Srebrenica survivors file case against Dutch soldiers

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Bosnian Muslim survivors of the 1995 Srebrenica massacre on Tuesday filed a genocide complaint with Dutch prosecutors against three soldiers they say failed to protect their families, a statement said.

"Relatives of the victims of Srebrenica are pressing charges concerning genocide and war crimes committed by (Dutch battalion) Dutchbat soldiers in July 1995," the group said in the statement forwarded by their lawyer, Liesbeth Zegveld.

"Among others, the charges are directed at the commander and deputy commander of Dutchbat III," it added, referring to the UN Dutch Battalion tasked with protecting the Srebrenica enclave that fell to Serb forces in July 1995.

Srebrenica had been a UN-protected Muslim enclave until July 11, 1995, when it was overrun by Bosnian Serb forces who loaded thousands of men and boys onto trucks, executed them and threw their bodies into mass graves in the worst atrocity in Europe since World War II.

In the following days they executed around 8,000 Muslim men and boys. The events were termed genocide by two international courts.

The Bosnian Serbs brushed aside the lightly-armed Dutch UN peacekeepers in the "safe area" where thousands of Muslims from surrounding villages had gathered for protection.

The UN has admitted it failed to protect the Srebrenica Muslims, but none of its officials were held responsible.

"On July 13, 1995, Dutchbat handed over (the survivors') family members to the Bosnian Serb enemy, who subsequently murdered them," added the statement.

The commander of Dutchbat III at the time was Thomas Karremans and his deputy Rob Franken. Dutch media have identified the third targeted soldier as personnel officer Berend Oosterveen.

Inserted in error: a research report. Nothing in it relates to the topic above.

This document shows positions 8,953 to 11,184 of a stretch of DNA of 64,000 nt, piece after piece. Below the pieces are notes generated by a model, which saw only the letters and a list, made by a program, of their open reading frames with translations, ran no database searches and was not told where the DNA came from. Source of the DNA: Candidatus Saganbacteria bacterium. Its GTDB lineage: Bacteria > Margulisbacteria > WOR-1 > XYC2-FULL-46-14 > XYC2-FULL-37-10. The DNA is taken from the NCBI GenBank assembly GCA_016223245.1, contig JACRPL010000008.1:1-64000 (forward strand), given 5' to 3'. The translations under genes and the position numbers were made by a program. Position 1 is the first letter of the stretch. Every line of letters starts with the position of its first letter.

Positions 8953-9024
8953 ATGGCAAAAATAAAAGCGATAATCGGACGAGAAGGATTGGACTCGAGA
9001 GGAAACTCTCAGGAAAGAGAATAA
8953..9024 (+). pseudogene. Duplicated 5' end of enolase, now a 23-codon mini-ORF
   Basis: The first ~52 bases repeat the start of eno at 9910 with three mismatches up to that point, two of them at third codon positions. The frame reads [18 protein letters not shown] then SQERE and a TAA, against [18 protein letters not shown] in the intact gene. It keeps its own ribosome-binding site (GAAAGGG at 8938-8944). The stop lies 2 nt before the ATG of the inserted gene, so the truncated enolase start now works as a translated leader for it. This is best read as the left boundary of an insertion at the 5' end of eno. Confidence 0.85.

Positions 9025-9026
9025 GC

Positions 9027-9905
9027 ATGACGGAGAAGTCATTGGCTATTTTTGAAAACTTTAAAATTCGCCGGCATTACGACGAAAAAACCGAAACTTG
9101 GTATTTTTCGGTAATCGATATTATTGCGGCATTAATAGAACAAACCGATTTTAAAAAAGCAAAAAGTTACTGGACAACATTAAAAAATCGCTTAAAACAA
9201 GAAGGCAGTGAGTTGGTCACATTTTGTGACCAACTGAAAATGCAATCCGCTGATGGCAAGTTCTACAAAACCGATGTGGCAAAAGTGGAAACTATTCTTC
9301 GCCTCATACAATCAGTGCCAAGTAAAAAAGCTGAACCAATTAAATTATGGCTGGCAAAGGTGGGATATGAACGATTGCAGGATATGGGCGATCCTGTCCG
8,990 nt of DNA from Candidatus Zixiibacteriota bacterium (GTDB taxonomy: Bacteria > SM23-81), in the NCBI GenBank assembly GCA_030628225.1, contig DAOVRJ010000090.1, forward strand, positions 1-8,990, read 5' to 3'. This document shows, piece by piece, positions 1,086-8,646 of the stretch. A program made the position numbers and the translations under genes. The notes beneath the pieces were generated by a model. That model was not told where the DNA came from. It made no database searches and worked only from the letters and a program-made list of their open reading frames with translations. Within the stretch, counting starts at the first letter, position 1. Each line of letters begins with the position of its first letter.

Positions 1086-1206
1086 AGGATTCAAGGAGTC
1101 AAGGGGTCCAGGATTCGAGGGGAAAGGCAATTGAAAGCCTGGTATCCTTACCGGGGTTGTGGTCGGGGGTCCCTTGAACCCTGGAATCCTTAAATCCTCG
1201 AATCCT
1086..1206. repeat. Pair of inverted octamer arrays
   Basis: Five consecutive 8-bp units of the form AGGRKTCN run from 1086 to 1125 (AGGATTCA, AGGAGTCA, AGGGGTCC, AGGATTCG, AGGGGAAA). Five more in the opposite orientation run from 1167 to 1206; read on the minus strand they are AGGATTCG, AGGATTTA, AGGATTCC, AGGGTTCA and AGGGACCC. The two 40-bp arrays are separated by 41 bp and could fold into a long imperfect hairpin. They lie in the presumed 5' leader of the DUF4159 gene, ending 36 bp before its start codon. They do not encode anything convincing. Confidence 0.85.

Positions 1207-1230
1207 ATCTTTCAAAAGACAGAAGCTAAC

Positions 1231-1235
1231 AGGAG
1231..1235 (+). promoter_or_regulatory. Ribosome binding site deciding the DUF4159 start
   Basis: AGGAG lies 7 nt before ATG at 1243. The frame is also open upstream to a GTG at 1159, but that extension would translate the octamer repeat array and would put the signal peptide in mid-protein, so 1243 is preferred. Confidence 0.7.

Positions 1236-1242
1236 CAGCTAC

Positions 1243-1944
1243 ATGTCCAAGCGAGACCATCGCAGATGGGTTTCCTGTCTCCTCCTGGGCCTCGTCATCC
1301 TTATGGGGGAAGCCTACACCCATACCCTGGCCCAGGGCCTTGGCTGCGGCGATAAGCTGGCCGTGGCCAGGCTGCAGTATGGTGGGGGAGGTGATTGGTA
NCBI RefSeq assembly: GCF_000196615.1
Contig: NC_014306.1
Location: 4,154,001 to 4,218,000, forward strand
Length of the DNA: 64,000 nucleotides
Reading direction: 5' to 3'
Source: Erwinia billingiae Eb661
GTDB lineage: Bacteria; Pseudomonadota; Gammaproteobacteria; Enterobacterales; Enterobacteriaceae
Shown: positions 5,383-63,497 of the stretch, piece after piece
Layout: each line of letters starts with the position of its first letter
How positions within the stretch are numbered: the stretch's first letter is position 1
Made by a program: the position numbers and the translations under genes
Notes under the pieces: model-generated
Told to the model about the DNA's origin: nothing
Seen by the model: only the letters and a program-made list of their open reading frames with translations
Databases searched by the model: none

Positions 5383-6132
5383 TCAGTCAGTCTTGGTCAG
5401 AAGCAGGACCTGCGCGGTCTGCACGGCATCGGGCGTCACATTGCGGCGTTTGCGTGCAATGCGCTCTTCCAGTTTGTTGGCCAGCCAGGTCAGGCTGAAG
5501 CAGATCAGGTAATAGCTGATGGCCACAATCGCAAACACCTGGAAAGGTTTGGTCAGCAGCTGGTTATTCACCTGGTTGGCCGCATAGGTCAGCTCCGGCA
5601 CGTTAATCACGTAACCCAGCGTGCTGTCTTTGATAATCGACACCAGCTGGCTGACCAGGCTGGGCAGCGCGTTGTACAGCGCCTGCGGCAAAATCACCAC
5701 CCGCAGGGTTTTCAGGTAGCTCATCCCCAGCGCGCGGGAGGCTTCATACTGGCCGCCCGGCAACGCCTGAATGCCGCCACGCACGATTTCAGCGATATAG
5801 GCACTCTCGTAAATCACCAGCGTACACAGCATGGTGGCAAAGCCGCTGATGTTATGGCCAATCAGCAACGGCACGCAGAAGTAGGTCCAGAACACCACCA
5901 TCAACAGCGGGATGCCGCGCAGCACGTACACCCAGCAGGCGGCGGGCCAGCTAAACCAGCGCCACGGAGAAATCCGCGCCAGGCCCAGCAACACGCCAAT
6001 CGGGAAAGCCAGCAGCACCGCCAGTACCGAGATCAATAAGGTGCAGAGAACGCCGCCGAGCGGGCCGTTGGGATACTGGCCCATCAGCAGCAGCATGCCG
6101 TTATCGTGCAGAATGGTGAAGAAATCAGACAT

The charges were filed by Hasan Nuhanovic, who lost his parents and younger brother in the massacre, and Mehida, Damir and Alma Mustafic, the widow and children of victim Rizo Mustafic.

Nuhanovic, then 27, was employed as a translator for Dutchbat and Mustafic as an electrician. Both their families sought safety with Dutch troops, but say they were forced to flee into the hands of the Bosnian Serb enemy.

Zegveld said the complaint, which argues that Dutch criminal law applied to Dutch soldiers even abroad, was posted to prosecutors on Monday. The prosecutor's office could not confirm receipt.

A court in The Hague dismissed a bid by the same group in September 2008 to hold the Dutch state responsible for its troops' alleged failure. An appeals court also ruled in March that the UN enjoyed immunity from prosecution in the Netherlands.

© 2010 AFP

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